Local Wine, Local Fish
- The FINGER LAKES, of the free state of NEW YORK, impress all who rest their eyes upon them as one of the most heavenly sites in all of creation.
The cold deep waters of picturesque KUEKA LAKE teem with inestimable quantities of game fish, in whose majority the prized landlocked salmon is indisputably king.
- was a viticulturist and winemaker in the Finger Lakes region of New York. He was born in Odessa, Ukraine (then part of the Russian Empire) and received his PhD in viticulture from the Odessa Polytechnic Institute, his thesis being on techniques for growing Vitis vinifera in a cold climate. After working for a time in what was then Soviet Georgia managing a large state-owned vineyard, he came to the United States in 1951. Speaking nine languages, English not being one of them, Konstantin was forced to take a job as a dishwasher in New York City. When he could save up enough, Konstantin moved with his family to the Cornell University Geneva Experiment Station in 1953. During the 1950s, he was a consultant to the Gold Seal Winery and established a Vitis vinifera grape nursery. He urged New York State winemakers to move away from native North American grapes, including Vitis labrusca and other species, and instead plant Vitis vinifera, the traditional grapes of European winemakers. For 300 years, failed attempts to plant "Vitis vinifera" varietals were blamed on the cold weather. With extensive experience growing the European grapes in below freezing temperatures back in Ukraine, Konstantin knew it would be possible with the techniques that he developed.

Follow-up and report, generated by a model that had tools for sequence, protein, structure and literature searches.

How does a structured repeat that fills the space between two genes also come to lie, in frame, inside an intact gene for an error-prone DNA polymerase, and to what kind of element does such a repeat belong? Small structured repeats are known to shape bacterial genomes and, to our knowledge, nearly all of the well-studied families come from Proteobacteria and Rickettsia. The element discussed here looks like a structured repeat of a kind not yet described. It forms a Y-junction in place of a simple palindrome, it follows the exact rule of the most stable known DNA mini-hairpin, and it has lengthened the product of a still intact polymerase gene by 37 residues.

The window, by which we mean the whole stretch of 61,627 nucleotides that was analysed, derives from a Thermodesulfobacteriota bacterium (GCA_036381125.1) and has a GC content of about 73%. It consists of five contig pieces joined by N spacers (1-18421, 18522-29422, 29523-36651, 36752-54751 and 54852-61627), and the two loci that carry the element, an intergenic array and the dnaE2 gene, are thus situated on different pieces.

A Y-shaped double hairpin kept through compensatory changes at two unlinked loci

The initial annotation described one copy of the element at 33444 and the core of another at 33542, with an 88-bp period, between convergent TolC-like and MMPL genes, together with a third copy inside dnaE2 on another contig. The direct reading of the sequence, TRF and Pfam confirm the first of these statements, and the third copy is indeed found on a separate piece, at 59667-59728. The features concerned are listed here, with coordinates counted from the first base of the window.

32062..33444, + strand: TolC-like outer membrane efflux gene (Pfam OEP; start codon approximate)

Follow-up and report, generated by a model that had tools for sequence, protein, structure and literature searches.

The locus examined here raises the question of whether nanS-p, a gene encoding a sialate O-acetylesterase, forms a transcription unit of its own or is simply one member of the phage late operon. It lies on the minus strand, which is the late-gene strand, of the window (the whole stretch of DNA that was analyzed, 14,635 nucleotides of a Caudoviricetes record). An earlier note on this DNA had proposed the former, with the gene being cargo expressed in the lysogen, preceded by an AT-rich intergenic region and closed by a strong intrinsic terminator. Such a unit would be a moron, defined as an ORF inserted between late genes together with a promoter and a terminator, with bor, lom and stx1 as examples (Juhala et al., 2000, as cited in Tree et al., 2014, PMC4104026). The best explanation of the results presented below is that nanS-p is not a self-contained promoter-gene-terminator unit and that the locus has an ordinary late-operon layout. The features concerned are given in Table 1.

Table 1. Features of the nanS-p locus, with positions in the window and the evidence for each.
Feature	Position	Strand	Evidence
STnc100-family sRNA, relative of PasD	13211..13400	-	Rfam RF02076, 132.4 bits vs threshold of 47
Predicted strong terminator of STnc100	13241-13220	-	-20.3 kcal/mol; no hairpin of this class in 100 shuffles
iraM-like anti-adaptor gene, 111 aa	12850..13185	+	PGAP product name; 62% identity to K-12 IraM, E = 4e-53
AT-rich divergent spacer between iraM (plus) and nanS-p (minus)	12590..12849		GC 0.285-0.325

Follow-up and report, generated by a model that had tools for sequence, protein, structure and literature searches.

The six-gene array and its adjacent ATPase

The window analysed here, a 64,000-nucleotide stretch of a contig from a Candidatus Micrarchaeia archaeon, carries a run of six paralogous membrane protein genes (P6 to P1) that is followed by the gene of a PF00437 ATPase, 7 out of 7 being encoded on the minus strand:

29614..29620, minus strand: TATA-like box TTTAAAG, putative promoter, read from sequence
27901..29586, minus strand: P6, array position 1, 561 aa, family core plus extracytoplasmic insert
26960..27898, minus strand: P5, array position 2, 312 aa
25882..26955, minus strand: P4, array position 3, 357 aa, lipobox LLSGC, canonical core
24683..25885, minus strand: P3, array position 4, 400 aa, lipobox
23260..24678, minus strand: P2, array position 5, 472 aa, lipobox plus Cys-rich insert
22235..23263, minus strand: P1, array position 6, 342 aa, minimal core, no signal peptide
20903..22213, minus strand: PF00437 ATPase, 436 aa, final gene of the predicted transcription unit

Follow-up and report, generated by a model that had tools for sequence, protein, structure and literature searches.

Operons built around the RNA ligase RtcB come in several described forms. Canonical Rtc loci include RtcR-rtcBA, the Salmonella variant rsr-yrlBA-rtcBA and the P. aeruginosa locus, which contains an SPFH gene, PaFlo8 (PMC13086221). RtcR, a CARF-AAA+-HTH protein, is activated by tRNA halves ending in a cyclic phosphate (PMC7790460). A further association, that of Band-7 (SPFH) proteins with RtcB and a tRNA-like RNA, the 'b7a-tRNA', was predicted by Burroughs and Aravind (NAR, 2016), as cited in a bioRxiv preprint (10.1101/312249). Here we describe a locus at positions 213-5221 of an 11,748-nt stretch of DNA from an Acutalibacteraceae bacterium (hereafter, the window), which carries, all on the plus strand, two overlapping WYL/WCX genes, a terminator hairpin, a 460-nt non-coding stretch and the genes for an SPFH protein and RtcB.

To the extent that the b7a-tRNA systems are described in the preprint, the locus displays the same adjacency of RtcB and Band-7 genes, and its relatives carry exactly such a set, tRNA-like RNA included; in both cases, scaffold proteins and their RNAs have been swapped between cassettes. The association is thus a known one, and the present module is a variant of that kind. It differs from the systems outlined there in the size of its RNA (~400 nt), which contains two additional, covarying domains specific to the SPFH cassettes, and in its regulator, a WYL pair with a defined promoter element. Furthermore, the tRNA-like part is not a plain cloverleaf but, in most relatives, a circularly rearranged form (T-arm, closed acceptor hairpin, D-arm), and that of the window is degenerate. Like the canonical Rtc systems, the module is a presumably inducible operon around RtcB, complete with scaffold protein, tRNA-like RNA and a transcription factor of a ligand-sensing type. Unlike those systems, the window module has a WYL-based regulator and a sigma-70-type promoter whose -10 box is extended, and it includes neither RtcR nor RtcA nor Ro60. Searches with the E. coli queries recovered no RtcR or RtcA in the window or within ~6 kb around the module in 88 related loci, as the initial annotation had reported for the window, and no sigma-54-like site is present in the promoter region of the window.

His ideas were ridiculed. No one thought that Vitis vinifera would grow in the cold New York area. So in 1958 Konstantin bought a plot of land on the west side of Keuka Lake, about six miles from Hammondsport, NY. The first vintage released was in 1962 with a Trockenbeerenauslese Johannisberg Riesling made from botrytized grapes. In the twenty-three years that Konstantin owned his winery, he planted over sixty different varietals to prove to the world that the eastern United States could grow the noble European varietals. A scientist at heart, Konstantin wanted to prove to the world that the Eastern United States could grow vinifera varietals. In 1985, Konstantin died at the age of 86. His legacy is cherished in New York, paving the way for other Finger Lakes producers to grow the European grape varieties. In November 2001, Konstantin Frank was inducted into the Wine Spectator Hall of Fame for his outstanding achievements in the field of viticulture.
Konstantin's son, Willy Frank, became President after his father's death and amazed the industry by introducing a line of sparkling wines made in the traditional methode champenoise technique. He purchased a historic field stone house, then restored it into a sparkling winery and named it Chateau Frank. In 1993, Fred Frank, Konstantin's grandson, succeeded his father as President of Dr. Konstantin Frank Vinifera Wine Cellars. That same year, he introduced a value line called "Salmon Run" using grapes sourced from local farms around the Finger Lakes.